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U.K. Offers Homeowners 7,600 Pounds for Efficiency Measures

Photographer: Simon Dawson/Bloomberg

Brick chimney stacks on tiled rooftops on a residential street in London. Close

Brick chimney stacks on tiled rooftops on a residential street in London.

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Photographer: Simon Dawson/Bloomberg

Brick chimney stacks on tiled rooftops on a residential street in London.

The U.K. government said it will refund homeowners as much as 7,600 pounds ($12,800) for installing measures such as double glazing and insulation that improve the energy efficiency of buildings.

Energy Secretary Ed Davey is trying to rejuvenate the government’s drive to make the country’s drafty homes more energy efficient while also helping consumers shoulder rising gas and electricity costs.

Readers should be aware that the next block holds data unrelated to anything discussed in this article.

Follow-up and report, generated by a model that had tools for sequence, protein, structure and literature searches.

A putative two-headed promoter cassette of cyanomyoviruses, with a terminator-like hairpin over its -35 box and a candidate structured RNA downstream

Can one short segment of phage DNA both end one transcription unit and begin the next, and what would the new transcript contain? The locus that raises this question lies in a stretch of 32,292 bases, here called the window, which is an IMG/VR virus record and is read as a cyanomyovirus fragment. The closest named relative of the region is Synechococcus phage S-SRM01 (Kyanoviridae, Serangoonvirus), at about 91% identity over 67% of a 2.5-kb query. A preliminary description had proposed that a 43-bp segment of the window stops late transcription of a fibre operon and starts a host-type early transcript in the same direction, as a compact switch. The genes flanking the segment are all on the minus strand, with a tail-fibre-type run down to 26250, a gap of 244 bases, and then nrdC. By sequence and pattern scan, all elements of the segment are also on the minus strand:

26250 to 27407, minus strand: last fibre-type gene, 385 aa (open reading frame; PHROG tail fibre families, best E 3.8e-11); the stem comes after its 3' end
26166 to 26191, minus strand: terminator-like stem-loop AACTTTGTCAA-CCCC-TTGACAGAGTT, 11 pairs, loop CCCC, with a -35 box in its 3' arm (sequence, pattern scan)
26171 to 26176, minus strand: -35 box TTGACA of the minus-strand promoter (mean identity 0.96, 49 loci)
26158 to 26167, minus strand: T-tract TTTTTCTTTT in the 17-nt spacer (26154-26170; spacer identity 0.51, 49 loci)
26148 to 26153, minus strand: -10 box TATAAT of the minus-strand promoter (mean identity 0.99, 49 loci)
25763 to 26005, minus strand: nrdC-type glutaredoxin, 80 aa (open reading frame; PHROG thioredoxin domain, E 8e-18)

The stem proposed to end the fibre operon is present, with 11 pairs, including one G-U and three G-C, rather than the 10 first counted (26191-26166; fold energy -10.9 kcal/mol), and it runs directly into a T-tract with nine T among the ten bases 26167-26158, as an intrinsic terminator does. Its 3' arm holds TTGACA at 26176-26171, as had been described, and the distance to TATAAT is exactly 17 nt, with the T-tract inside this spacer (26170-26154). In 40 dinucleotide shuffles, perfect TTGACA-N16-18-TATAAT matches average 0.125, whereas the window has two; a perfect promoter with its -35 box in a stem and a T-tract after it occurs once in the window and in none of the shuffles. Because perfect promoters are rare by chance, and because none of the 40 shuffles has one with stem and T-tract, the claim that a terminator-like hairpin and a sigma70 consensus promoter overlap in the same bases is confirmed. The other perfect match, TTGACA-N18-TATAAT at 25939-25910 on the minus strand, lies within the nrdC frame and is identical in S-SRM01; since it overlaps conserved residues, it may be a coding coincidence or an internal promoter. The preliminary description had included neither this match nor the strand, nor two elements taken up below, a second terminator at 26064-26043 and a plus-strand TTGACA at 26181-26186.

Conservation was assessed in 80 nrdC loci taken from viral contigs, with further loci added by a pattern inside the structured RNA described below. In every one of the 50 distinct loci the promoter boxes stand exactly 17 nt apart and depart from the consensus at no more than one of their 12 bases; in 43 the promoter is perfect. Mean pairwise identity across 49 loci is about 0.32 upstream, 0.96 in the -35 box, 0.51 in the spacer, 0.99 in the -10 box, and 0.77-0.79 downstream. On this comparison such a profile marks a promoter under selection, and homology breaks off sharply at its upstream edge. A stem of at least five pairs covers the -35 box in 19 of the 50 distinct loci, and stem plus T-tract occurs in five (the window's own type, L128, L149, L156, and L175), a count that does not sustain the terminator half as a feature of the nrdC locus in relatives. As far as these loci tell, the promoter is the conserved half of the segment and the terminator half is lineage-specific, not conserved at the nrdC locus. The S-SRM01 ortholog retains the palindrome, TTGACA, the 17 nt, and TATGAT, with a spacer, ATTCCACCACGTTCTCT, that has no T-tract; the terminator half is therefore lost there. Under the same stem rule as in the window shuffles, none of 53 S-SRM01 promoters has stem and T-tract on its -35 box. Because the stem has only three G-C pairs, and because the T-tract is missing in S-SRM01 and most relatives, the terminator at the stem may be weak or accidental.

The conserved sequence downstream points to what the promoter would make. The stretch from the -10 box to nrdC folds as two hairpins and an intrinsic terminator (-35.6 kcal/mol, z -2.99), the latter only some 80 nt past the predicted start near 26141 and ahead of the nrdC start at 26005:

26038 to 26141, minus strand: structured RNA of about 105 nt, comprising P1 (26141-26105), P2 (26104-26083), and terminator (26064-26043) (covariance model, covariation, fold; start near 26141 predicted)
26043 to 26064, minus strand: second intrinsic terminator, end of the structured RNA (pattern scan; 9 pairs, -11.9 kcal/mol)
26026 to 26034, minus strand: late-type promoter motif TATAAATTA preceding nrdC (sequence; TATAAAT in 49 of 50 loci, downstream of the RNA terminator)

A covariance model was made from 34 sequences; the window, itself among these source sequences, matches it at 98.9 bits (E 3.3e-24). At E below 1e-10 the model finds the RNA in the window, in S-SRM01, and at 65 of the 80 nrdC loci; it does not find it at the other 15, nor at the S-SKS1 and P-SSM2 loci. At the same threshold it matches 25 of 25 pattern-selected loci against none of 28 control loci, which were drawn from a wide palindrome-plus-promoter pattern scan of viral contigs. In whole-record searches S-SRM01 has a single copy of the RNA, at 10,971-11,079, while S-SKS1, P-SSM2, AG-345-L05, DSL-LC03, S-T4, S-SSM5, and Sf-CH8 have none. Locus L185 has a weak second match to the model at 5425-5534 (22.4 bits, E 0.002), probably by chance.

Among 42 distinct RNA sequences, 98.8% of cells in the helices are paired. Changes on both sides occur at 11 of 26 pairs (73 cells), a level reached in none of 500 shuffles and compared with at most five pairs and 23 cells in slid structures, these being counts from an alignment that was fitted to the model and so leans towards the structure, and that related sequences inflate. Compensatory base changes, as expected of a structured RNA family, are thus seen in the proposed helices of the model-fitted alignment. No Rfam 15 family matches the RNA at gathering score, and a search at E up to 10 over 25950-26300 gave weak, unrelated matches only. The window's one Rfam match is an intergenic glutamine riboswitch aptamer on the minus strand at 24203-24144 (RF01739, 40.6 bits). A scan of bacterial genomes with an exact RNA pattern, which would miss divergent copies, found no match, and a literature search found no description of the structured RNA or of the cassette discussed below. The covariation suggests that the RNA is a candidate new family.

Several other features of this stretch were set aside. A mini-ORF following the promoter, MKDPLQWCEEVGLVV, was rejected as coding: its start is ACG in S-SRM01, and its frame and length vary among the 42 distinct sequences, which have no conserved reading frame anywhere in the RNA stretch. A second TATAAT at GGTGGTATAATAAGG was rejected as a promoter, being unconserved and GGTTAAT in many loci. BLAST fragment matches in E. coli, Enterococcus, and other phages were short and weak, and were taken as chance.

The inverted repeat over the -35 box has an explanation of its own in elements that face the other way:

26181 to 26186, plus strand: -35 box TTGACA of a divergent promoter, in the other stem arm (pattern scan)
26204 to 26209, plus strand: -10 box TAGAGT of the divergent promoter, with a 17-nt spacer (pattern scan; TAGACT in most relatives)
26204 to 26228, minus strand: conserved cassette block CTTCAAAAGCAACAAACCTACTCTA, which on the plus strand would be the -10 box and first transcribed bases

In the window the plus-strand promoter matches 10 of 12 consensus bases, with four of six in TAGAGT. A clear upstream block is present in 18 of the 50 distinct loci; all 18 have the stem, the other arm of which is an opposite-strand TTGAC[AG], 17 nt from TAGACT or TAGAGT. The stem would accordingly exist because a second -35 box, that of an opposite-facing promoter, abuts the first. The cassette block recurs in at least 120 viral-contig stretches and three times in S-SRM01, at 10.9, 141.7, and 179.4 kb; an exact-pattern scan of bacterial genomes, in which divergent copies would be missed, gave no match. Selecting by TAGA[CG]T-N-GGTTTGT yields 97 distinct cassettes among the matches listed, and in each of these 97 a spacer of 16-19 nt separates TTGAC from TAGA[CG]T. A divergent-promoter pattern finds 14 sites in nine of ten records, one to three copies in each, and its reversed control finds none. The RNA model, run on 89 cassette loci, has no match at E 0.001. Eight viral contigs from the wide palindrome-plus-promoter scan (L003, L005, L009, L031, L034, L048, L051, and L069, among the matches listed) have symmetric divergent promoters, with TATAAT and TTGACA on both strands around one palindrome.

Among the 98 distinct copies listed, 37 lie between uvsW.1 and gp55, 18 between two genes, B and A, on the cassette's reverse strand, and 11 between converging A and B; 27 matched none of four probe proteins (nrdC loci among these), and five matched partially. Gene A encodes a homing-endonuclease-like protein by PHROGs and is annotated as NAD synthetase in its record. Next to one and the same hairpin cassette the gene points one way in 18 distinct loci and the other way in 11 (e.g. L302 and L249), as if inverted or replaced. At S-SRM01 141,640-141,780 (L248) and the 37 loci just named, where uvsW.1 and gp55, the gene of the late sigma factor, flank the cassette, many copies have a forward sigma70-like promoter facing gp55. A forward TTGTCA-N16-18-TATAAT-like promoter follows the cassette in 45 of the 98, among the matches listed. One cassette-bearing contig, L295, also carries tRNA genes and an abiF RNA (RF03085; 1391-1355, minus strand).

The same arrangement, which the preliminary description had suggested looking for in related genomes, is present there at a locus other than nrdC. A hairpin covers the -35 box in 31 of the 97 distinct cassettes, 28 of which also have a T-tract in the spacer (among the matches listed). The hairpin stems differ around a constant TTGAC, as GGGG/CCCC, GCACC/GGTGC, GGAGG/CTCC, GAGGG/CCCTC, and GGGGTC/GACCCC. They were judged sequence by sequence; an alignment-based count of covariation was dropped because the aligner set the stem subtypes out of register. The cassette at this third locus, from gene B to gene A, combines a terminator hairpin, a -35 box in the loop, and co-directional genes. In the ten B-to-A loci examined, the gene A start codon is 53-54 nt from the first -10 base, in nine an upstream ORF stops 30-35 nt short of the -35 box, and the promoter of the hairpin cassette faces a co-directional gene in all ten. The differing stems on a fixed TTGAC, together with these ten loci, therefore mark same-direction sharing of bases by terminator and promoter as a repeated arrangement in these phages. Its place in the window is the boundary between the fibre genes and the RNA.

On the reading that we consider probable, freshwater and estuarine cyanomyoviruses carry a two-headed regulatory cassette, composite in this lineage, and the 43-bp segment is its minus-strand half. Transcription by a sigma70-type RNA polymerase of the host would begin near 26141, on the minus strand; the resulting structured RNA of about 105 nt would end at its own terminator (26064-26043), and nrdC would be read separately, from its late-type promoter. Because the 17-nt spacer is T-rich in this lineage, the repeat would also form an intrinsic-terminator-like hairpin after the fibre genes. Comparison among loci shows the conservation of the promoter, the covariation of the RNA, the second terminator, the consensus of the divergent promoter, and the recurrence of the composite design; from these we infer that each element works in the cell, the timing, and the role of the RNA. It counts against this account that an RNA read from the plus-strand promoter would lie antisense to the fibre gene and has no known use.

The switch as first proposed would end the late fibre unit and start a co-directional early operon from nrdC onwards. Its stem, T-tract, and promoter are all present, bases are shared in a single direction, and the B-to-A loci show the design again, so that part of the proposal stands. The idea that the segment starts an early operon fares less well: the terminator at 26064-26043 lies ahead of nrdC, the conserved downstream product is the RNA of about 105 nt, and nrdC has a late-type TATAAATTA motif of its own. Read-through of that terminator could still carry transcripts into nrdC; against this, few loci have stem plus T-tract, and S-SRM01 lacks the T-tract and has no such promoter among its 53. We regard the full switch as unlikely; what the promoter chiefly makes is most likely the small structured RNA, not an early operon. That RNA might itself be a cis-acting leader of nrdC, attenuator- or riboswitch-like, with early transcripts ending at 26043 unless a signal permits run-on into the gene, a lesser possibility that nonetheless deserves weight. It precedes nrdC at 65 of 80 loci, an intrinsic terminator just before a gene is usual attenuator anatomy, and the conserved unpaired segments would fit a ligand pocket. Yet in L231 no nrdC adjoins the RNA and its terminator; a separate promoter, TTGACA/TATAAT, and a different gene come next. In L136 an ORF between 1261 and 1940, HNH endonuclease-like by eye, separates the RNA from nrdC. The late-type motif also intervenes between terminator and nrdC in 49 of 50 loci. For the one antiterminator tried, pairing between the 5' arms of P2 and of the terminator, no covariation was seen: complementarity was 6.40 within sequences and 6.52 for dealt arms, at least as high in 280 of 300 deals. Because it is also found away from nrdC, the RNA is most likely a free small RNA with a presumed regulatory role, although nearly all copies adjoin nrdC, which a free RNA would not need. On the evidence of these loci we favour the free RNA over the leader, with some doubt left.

“The best way for households to take control of their energy bills is to use less energy,” Davey said in an e-mailed statement today. “Faulty boilers, drafty windows and insufficient insulation all cause properties to leak hundreds of pounds every year.”

The program will start in June and also apply to new boilers, the Department of Energy and Climate Change said today in an e-mailed statement. Householders will be refunded a proportion of money they spend installing the measures.

The government’s “Green Deal” program to improve the energy efficiency of the nation’s 26.9 million homes came into force in January 2013 and has only attracted 2,000 plans since then, according to DECC figures. The plan, which provides loans to homeowners who install measures, was the centerpiece of the government’s first energy law.

To contact the reporter on this story: Alex Morales in London at amorales2@bloomberg.net

To contact the editor responsible for this story: Reed Landberg at landberg@bloomberg.net

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